Using Code Coverage

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Using Code Coverage

In this chapter:

Code coverage in the IDE

Code coverage is a way to measure how much code a particular process has executed during a test or benchmark. Using code-coverage analysis, you can then create additional test cases to increase coverage and determine a quantitative measure of code coverage, which is an indirect measure of the quality of your software (or better, a direct measure of the quality of your tests).

Types of code coverage

Several types of metrics are commonly used in commercial code-coverage tools, ranging from simple line or block coverage (i.e. “this statement was executed”) to condition-decision coverage (i.e. “all terms in this Boolean expression are exercised”). A given tool usually provides a combination of types.

The coverage tool in the IDE is a visual front end to the gcov metrics produced by the gcc compiler. These coverage metrics are essentially basic block coverage and branch coverage.

The IDE presents these metrics as line coverage, showing which lines are fully covered, partially covered, and not covered at all. The IDE also presents percentages of coverage in terms of the actual code covered (i.e. not just lines).

Block coverage

Block coverage, sometimes known as line coverage, describes whether a block of code, defined as not having any branch point within (i.e. the path of execution enters from the beginning and exits at the end) is executed or not.

By tracking the number of times the block of code has been executed, the IDE can determine the total coverage of a particular file or function. The tool also uses this information to show line coverage by analyzing the blocks on each line and determining the level of coverage of each.

Branch coverage

Branch coverage can track the path of execution taken between blocks of code. Although this metric is produced by the gcc compiler, currently the IDE doesn't provide this information.

How the coverage tool works

The IDE's code coverage tool works in conjunction with the compiler (gcc), the QNX C library (libc), and optionally the remote target agent (qconn). When code coverage is enabled for an application, the compiler instruments the code so that at run time, each branch execution to a basic block is counted. During the build, the IDE produces data files in order to recreate the program's flow graph and to provide line locations of each block.


Caution: Since the IDE creates secondary data files at compilation time, you must be careful when building your programs in a multitargeted build environment, such as QNX Neutrino.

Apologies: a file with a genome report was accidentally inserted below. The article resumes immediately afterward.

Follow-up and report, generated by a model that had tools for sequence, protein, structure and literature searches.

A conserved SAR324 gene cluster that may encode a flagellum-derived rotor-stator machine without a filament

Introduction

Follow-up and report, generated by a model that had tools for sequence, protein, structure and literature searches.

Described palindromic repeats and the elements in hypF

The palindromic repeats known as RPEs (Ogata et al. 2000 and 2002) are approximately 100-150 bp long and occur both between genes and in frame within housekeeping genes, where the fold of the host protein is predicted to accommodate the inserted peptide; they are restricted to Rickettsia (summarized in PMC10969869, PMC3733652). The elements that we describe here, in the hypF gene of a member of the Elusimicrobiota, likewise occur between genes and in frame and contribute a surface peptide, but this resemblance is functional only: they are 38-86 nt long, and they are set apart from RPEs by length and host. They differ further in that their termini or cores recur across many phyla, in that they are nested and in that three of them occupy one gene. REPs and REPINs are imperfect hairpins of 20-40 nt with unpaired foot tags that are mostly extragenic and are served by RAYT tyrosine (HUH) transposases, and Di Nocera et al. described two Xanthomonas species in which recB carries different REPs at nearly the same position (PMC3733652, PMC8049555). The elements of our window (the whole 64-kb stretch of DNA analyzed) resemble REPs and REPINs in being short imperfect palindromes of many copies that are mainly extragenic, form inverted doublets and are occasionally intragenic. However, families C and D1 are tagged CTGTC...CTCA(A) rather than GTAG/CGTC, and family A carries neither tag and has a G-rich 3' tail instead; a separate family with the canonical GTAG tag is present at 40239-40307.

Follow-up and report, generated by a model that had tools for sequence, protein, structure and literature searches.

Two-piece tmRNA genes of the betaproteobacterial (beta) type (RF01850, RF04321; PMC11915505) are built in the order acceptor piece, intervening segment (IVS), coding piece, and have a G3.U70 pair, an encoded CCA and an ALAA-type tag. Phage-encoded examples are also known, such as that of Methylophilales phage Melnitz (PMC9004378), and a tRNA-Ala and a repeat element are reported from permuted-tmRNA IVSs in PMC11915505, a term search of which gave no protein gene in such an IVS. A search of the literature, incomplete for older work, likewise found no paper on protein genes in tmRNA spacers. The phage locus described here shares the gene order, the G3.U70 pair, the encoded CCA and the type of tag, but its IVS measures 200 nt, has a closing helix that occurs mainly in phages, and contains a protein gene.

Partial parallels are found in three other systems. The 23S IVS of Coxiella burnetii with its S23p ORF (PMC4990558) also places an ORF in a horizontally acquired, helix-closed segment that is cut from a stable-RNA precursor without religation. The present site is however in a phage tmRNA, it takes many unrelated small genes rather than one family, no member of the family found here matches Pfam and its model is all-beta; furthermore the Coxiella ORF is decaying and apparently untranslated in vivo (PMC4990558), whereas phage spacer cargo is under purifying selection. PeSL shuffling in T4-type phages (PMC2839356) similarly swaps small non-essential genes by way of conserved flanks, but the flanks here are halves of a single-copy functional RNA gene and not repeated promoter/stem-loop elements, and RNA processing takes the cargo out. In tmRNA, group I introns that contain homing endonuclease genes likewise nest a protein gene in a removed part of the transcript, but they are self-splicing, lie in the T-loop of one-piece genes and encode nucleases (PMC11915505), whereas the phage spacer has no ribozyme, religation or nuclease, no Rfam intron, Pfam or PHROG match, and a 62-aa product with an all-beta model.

You must either:

  • ensure that the last compiled binary is the one you're collecting coverage data on,

    or:

  • enable only one architecture and debug/release variant.

Note also that the compiler's optimizations could produce unexpected results, so you should perform coverage tests on an unoptimized, debug-enabled build.


When you build a program with the Build with Code Coverage build option enabled and then launch it using a C/C++ QNX Qconn (IP) launch configuration, the instrumented code linked into the process connects to qconn, allowing the coverage data to be read from the process's data space.

But if you launch a coverage-built process with coverage disabled in the launch configuration, this causes the process to write the coverage information to a data file (.gcda) at run time, rather than read it from the process's data space.


Note: You can later import the data into the IDE code coverage tool. For information about importing gcc coverage data from a project, see Importing gcc code coverage data from a project later in this chapter.

Once a coverage session has begun, you can immediately view the data. The QNX Code Coverage perspective contains a Code Coverage Sessions view that lists previous as well as currently active sessions. You can explore each session and browse the corresponding source files that have received coverage data.


Note: Code Coverage might not work as expected because the code coverage data for C++ projects includes other functions that are also in the source file, such as static initializer and global constructor functions. In addition, the files included by include statements aren't included in the overall coverage total; only those functions that are in the original source are included for code coverage.

Enabling code coverage

To build executables with code coverage enabled:

  1. In the C/C++ Projects view, right-click your project and select Properties. The properties dialog for your project appears.
  2. In the left pane, select QNX C/C++ Project.
  3. In the Build Options pane, check Build with Code Coverage.
  4. In the Build Variants tab, check only one build variant.

    Note: If more than one build variant is checked, the IDE displays an error message and disables the OK button.

  5. Click OK.
  6. In the C/C++ Projects view, right-click your project and select Clean….
  7. Be sure that your project is selected, and check the Start a build immediately box, and then click OK to rebuild your project.

Enabling code coverage for Make projects